Leonard has to evolve into more than just a role player during the playoffs, or the decision to trade Hill for an unproven draft pick in 2011 won’t mean much of anything; just one more role player added to the pile. The urgency is heightened: Duncan and Ginobili are aging. Their time is running thin. Parker is somewhere between underrated and overextended from carrying the ‘Big Three’ for the past two seasons. Leonard has to challenge himself to be an offensive catalyst instead of floating in the ‘Role Player Zone.’
The abrupt release of Stephen Jackson indicated some sort of tension or disharmony in the team’s locker room. This is unprecedented. Spurs fans have fond memories of Jackson from his evolution into a ‘Pop Guy’ and key contributor during the 2003 championship run, but the reality is that the Spurs aren’t going to win a championship if they’re relying on Stephen Jackson to contribute in a playoff series. Cutting a symbolic leader feels like a final war cry, eliminating a link to the past to remind everyone that just because he has ‘been there’ doesn’t mean he will be here. The idea of ‘championship intangibles’ hasn’t worked since 2007 — hence yesterday’s signing of Tracy McGrady, a player who has never gotten out of the first round of the NBA playoffs.
Maybe this actually is Duncan’s last stand. Maybe this is the final run before the Spurs front office decides to trade away Ginobili before his body is ground to dust. Maybe the Tony Parker trade rumors will come true. Ginobili, who is 35, has played in just 93 games in the past two seasons; he just hasn’t felt like a member of the team. Nowadays, he’s like an antique car you take out to impress the neighbors — the fuel economy is brutal, but it can still motor down the road when you really need it.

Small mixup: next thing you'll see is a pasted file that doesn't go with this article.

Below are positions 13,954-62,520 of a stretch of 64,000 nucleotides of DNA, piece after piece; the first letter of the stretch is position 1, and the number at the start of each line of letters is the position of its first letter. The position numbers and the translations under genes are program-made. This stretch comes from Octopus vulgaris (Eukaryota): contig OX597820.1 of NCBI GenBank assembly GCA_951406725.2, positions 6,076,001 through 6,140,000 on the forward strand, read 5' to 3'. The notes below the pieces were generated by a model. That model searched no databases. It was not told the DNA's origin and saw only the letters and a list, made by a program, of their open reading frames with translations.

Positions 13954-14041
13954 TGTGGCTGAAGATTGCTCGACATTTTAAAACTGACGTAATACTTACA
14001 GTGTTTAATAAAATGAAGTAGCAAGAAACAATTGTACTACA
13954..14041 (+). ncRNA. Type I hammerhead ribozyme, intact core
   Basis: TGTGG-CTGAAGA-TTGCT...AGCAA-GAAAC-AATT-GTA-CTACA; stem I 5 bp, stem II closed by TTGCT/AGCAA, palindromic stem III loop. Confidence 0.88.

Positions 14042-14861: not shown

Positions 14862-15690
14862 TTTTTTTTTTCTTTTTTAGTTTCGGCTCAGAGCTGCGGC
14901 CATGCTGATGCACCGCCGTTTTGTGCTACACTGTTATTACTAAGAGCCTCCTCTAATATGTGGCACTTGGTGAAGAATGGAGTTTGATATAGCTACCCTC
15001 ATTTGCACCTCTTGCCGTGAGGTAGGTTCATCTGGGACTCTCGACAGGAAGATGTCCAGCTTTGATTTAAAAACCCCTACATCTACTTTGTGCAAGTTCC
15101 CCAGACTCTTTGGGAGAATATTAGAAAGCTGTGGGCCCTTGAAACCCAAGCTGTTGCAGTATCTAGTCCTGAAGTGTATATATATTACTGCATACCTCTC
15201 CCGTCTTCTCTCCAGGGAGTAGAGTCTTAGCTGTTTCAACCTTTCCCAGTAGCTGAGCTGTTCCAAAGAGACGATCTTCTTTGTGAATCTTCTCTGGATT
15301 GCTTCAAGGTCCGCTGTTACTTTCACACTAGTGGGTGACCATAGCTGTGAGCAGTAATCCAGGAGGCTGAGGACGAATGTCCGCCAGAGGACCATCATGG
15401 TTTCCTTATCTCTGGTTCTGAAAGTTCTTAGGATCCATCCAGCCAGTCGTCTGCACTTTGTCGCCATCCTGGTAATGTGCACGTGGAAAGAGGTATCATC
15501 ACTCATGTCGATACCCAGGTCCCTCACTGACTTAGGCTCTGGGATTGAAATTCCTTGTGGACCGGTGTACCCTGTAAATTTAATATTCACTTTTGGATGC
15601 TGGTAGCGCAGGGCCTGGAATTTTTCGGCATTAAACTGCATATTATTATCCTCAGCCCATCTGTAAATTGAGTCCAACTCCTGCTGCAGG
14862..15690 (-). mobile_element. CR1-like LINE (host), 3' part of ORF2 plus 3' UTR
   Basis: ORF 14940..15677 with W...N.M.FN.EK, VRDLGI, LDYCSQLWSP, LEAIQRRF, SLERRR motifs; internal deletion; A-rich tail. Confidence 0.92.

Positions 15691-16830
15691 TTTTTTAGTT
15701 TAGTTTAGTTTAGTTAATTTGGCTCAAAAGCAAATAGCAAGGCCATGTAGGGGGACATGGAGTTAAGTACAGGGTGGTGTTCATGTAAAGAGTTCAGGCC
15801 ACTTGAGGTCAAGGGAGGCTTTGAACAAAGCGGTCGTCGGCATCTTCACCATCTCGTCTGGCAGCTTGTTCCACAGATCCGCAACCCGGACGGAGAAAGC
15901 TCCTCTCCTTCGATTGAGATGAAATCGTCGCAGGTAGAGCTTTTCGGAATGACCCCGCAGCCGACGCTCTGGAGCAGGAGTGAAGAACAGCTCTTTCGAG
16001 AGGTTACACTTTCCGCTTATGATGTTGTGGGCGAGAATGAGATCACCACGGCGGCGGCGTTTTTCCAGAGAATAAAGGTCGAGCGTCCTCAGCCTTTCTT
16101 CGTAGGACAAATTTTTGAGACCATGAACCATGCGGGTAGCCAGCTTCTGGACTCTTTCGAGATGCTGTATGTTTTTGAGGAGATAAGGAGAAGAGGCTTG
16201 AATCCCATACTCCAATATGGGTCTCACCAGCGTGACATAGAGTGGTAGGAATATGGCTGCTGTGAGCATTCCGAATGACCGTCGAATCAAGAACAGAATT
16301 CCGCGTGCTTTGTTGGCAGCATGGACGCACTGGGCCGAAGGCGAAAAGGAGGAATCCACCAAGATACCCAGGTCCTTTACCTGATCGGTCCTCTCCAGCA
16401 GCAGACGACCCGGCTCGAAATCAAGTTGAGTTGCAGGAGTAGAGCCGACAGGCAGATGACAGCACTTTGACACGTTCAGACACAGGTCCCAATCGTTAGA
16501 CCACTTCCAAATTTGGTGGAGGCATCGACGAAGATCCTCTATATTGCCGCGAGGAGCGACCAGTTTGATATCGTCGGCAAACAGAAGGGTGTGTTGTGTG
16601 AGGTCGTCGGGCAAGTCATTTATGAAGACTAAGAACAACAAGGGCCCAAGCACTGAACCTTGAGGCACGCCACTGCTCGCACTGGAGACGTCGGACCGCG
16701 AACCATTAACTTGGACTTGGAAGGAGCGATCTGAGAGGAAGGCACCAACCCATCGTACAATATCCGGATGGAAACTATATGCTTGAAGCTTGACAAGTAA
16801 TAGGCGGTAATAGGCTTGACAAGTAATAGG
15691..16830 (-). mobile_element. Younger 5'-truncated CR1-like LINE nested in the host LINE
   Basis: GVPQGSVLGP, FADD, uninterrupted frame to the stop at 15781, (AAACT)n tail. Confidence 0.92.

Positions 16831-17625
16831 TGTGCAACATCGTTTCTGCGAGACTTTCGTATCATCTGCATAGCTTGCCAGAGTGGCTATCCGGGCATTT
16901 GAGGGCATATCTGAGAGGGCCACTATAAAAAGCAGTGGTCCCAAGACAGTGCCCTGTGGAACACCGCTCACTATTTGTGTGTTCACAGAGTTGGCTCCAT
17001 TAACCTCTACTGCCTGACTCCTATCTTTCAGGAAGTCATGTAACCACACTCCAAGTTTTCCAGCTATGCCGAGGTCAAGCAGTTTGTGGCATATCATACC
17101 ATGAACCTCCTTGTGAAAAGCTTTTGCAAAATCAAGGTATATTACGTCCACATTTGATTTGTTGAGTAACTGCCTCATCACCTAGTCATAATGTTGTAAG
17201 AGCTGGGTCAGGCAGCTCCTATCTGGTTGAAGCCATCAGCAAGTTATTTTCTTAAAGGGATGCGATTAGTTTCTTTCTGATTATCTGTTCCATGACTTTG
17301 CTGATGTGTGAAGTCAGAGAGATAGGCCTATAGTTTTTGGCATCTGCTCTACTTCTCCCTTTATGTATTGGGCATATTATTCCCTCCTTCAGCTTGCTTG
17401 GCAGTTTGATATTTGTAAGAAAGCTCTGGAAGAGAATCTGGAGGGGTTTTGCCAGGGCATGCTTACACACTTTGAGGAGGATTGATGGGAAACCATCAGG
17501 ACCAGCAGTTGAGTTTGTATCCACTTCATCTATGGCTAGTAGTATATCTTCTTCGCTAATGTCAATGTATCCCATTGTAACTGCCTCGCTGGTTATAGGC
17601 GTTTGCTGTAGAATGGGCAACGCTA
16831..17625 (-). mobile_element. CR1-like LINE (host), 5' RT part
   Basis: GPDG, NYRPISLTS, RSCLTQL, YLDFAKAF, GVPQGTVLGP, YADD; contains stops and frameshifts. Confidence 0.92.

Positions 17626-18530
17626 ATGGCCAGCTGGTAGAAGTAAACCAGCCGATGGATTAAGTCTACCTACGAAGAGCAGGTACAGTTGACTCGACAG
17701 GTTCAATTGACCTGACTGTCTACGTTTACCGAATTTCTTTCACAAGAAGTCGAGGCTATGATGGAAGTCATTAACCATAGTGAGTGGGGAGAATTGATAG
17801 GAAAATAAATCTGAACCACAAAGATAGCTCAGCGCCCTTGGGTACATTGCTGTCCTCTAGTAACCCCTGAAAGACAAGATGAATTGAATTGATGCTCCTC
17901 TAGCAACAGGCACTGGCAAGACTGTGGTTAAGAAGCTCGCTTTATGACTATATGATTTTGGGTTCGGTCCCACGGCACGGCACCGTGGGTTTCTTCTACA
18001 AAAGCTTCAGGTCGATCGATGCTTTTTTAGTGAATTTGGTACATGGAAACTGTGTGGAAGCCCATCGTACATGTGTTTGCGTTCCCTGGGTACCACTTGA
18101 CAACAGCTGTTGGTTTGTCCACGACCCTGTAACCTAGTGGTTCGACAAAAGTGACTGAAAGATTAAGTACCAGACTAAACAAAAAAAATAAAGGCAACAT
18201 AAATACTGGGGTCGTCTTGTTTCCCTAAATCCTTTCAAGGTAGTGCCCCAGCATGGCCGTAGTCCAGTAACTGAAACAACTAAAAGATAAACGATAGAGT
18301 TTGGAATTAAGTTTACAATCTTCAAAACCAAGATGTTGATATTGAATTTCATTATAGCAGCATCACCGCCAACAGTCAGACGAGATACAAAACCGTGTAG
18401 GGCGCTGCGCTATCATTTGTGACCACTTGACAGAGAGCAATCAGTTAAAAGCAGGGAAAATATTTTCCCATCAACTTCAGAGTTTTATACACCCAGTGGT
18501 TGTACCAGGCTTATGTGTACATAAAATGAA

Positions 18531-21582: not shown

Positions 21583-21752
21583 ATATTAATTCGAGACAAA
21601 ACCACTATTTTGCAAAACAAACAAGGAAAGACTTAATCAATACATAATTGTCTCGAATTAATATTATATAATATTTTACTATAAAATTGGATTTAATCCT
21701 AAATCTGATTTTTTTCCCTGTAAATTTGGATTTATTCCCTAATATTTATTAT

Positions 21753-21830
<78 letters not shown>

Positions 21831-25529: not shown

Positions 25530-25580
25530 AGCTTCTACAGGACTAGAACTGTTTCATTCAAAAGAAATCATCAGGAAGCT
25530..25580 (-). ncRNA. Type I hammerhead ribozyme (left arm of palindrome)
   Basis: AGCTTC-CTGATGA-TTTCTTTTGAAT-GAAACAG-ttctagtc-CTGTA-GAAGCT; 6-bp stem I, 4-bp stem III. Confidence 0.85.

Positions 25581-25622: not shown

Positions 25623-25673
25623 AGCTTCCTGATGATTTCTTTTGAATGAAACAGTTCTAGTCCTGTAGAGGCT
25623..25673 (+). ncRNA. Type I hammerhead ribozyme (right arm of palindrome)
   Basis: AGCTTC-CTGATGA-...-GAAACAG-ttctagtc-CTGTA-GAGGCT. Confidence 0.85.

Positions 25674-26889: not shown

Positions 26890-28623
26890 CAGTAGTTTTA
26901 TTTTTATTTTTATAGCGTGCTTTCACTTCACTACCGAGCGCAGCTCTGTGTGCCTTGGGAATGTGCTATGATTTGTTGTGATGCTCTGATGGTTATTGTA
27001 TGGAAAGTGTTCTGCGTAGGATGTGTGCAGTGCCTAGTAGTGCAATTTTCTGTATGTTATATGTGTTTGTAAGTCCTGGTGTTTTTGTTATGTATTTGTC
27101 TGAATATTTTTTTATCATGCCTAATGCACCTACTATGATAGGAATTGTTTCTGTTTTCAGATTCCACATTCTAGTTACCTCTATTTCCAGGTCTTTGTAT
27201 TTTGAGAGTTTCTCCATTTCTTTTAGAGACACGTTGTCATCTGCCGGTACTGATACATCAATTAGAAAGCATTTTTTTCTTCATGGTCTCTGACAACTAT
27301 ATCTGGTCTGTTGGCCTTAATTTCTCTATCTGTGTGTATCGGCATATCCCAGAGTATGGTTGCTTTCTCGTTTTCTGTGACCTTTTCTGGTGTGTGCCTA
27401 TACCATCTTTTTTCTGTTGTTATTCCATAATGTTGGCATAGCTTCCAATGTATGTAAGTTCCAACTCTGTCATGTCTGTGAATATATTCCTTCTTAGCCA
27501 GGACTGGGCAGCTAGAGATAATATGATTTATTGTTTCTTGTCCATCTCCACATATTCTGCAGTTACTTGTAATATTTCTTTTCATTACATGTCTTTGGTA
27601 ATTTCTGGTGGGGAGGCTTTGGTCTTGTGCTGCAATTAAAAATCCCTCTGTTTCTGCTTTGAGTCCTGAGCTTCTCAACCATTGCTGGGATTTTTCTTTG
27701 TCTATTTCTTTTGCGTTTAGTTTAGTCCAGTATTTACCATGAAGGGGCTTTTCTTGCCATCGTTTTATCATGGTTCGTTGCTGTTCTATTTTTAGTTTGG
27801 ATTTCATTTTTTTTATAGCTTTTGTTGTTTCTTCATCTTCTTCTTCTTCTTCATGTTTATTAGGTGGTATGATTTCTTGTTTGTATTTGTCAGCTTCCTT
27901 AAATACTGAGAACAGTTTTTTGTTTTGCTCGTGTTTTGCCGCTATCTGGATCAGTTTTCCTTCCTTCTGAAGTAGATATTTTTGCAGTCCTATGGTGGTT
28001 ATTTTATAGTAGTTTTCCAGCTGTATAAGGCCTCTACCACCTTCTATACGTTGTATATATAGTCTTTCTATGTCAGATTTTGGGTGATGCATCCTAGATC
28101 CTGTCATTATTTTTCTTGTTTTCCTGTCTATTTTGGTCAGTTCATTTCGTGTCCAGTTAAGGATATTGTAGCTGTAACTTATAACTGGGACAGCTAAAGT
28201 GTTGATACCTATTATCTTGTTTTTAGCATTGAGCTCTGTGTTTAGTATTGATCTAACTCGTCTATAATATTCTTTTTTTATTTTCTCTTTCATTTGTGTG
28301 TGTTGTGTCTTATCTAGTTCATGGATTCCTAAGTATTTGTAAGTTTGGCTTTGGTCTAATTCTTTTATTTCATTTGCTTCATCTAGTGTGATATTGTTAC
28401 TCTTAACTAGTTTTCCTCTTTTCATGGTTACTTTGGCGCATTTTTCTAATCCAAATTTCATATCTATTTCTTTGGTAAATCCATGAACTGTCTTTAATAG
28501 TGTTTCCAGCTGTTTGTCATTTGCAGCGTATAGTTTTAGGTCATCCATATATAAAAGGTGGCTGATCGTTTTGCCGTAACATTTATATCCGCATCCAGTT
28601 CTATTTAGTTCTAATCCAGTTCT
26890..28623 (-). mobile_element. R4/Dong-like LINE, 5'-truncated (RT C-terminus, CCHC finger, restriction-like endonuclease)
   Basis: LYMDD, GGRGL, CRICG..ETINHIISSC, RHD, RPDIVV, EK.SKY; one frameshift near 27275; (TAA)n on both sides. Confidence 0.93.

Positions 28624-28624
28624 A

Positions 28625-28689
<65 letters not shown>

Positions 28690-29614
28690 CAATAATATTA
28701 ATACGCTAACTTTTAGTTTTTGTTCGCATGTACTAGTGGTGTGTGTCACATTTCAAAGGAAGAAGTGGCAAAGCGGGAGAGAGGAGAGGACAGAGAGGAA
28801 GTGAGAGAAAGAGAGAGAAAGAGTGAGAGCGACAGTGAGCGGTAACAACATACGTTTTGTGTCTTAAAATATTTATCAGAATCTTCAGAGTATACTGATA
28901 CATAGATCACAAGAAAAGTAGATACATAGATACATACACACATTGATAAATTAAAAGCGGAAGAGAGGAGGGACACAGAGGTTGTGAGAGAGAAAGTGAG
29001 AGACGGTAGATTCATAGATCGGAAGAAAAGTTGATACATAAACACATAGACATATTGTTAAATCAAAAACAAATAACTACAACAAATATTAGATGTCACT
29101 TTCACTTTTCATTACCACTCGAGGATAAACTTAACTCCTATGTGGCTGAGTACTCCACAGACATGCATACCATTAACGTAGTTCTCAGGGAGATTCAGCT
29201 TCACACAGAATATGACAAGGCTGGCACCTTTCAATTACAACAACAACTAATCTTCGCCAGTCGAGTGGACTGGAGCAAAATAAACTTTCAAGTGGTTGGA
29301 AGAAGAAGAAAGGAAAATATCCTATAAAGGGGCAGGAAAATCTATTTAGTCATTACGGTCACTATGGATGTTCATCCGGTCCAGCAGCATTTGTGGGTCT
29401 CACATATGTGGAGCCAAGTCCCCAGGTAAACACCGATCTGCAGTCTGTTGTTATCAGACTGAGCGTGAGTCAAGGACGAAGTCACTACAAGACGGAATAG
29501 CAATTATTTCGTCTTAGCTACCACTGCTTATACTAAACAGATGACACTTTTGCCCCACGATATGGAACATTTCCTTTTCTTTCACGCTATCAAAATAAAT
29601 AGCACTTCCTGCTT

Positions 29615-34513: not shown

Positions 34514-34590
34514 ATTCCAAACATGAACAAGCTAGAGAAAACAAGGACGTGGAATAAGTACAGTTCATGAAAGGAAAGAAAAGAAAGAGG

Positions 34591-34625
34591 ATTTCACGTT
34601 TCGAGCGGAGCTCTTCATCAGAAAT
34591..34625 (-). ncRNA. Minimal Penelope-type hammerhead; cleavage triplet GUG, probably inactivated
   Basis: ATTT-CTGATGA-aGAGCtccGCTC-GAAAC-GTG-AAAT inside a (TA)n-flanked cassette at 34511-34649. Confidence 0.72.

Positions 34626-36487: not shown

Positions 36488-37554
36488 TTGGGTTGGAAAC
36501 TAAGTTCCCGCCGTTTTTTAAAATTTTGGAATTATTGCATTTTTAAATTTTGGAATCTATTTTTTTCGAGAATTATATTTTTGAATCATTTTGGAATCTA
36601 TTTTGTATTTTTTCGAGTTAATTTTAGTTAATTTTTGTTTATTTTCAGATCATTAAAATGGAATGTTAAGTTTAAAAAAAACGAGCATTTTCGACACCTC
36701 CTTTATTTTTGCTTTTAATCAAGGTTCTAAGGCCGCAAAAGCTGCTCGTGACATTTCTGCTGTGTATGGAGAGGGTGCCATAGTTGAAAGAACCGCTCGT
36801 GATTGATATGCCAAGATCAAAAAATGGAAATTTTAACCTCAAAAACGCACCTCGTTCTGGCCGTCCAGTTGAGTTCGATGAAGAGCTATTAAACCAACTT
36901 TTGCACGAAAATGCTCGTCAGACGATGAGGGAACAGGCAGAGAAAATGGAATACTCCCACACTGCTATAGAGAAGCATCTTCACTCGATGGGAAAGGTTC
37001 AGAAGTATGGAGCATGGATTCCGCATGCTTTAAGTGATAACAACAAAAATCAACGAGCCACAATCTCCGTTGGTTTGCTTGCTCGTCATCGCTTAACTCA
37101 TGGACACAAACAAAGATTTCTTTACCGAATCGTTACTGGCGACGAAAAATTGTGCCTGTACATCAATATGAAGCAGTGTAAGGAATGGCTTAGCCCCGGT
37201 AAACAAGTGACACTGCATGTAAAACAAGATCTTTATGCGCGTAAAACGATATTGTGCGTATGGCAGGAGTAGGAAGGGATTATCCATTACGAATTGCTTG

Sometimes I wonder how the Spurs even got locked into a ‘Big Three.’ The consistency and stability of a roster can comfort a local fan base. Maybe that’s why there have been so many more ‘Big Three’–dominated rosters of late.2 And the number ‘three’ is a reasonable compromise: It demonstrates an absence of ego in a superstar-based team (of one) and an interchangeability of leadership and production in a democratized group (of five). But in the past few seasons, the Spurs’ ‘Big Three’ has been reduced to something like a ‘Big 1.7.’
Even if the Heat are really just a ‘Big Two.’
Most NBA franchises competing at this level, but not winning it all in five seasons, would have overhauled their roster by now — flipping a valuable asset for a change of direction. At the beginning of every season, it always feels like it’s time for the Spurs to regress and show their age. But they always perform well enough for ‘one more run.’ It has been a misleading cycle that management may soon be forced to terminate. The Spurs have been held together because of some combination of potential and local appeal, the flip side to the Dallas Mavericks’ decision to cut ties with most of their 2011 championship pieces. Maybe champions deserve the chance to go down swinging until they’re waived into oblivion.
Basketball is allegedly the most expressive sport. You can tell a player’s life story, his core personality traits, by watching him for an entire game. But Kawhi Leonard never gives you much. He avoids eye contact. He’s shy, even awkward, on the court. His body language makes Tim Duncan seem like Rasheed Wallace. He has frightened eyes, though he never plays frightened. Those eyes make me wonder if he’s holding something back. I’m waiting for a moment when Leonard comes alive and realizes how great he can be, a moment when he realizes his significance. He’s a generational bridge between the Spurs’ deteriorating core and the future of the franchise.